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Category Archives for "Network World Wireless"

Single-core vs. multi-core CPUs

In reviewing CPU and server benchmarks, you’ve undoubtedly noticed that testing covers both single-core and multi-core performance. Here's the difference.In terms of raw performance, both are equally important, but single- and multi-core have areas of use where they shine. So when picking a CPU, it’s important to consider your particular workloads and evaluate whether single-core or multi-core best meets your needs.Single-core CPUs There are still a lot of applications out there that are single-core limited, such as many databases (although some, like MySQL, are multicore).Performance is measured in a couple of ways. Clock frequency is the big one; the higher the frequency the faster apps will run. Also important is the width of execution pipelines, and the wider the pipeline, the more work can get done per clock cycle. So even if an app is single threaded, a wider pipeline can improve its performance.To read this article in full, please click here

Digital-twin tech at crux of Schneider Electric’s $10.7B deal for Aveva

Digital-twin technology is playing an important role in the plan by French industrial automation company Schneider Electric to fully take over UK industrial and engineering software vendor Aveva, in a $10.7 billion deal announced Wednesday.Schneider has been a majority shareholder of Aveva since 2018, when it bought roughly 60% of the company’s shares through a reverse merger that made Schneider’s industrial software business a part of the UK firm. The new acquisition deal, when it closes, would see all shares of the British company transferred to Schneider.To read this article in full, please click here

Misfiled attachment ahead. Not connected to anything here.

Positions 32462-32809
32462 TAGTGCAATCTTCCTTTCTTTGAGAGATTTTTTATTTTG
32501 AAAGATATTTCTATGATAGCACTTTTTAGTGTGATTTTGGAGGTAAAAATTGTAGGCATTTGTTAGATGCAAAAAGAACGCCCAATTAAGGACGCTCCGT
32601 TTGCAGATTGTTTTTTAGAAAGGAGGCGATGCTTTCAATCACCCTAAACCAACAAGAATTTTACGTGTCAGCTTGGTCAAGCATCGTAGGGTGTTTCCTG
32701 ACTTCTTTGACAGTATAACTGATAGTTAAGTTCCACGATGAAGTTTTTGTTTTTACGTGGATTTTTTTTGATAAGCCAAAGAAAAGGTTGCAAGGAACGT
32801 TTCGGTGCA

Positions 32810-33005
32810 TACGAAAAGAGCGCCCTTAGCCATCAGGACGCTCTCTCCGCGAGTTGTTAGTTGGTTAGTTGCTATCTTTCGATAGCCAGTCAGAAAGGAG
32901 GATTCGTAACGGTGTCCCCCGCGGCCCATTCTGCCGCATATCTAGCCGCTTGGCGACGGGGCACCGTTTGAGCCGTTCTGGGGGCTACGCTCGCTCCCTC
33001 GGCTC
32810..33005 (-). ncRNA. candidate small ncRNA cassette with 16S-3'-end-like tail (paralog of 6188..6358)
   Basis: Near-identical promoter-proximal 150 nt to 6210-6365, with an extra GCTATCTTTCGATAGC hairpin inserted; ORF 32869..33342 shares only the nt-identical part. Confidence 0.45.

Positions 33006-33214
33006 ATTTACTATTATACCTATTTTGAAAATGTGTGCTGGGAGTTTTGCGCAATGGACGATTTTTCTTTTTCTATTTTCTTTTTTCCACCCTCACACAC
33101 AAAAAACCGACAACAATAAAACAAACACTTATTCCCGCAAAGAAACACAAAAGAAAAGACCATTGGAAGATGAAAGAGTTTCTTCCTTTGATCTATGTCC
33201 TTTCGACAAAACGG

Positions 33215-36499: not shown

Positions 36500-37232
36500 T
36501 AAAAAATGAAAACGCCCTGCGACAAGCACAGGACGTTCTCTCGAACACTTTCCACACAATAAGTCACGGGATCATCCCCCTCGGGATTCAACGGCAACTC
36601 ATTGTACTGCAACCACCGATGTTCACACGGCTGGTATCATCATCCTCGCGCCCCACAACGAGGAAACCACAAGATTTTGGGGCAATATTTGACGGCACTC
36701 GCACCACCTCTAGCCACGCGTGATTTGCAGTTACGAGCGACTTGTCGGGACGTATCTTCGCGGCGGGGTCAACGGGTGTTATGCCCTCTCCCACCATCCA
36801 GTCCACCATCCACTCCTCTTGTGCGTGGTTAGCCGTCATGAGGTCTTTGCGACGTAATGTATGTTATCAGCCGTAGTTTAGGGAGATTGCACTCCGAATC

Linux Foundation to blaze a path forward for mainframes

Open-source software development will be a key component to keeping the mainframe a vibrant part of current and future enterprise architectures.With that in mind the Open Mainframe Project, part of the Linux Foundation, this week said at its Open Mainframe Summit that it was forming a working group to promote mainframe-modernization efforts and that it had acqured its own Big Iron to spur future development. [ Get regularly scheduled insights by signing up for Network World newsletters. ] The working group will create a common definition and framework defining what mainframe modernization should look like and promote open-source development on the Big Iron.To read this article in full, please click here

Former Broadcom engineer gets eight months in prison for trade secrets theft

A former employee of chip designer Broadcom was sentenced to eight months in prison this week by a federal district court judge after pleading guilty to charges for theft of trade secrets in May, according to an announcement from the U.S. Attorney’s Office for the Northern District of California.Peter Kisang Kim, who worked for Broadcom as a principal design engineer for more than 20 years, quit his job in July 2020 and, after less than two weeks, took a job at a startup based in the People’s Republic of China. In pleading guilty, Kim admitted to accessing trade secret information from Broadcom related to the testing and design of the company’s Trident family of chipsets, which are designed for use in network switches and cloud-based networking equipment.To read this article in full, please click here

BrandPost: HPE (Aruba) Named an SD-WAN Magic Quadrant Leader 5 Years in a Row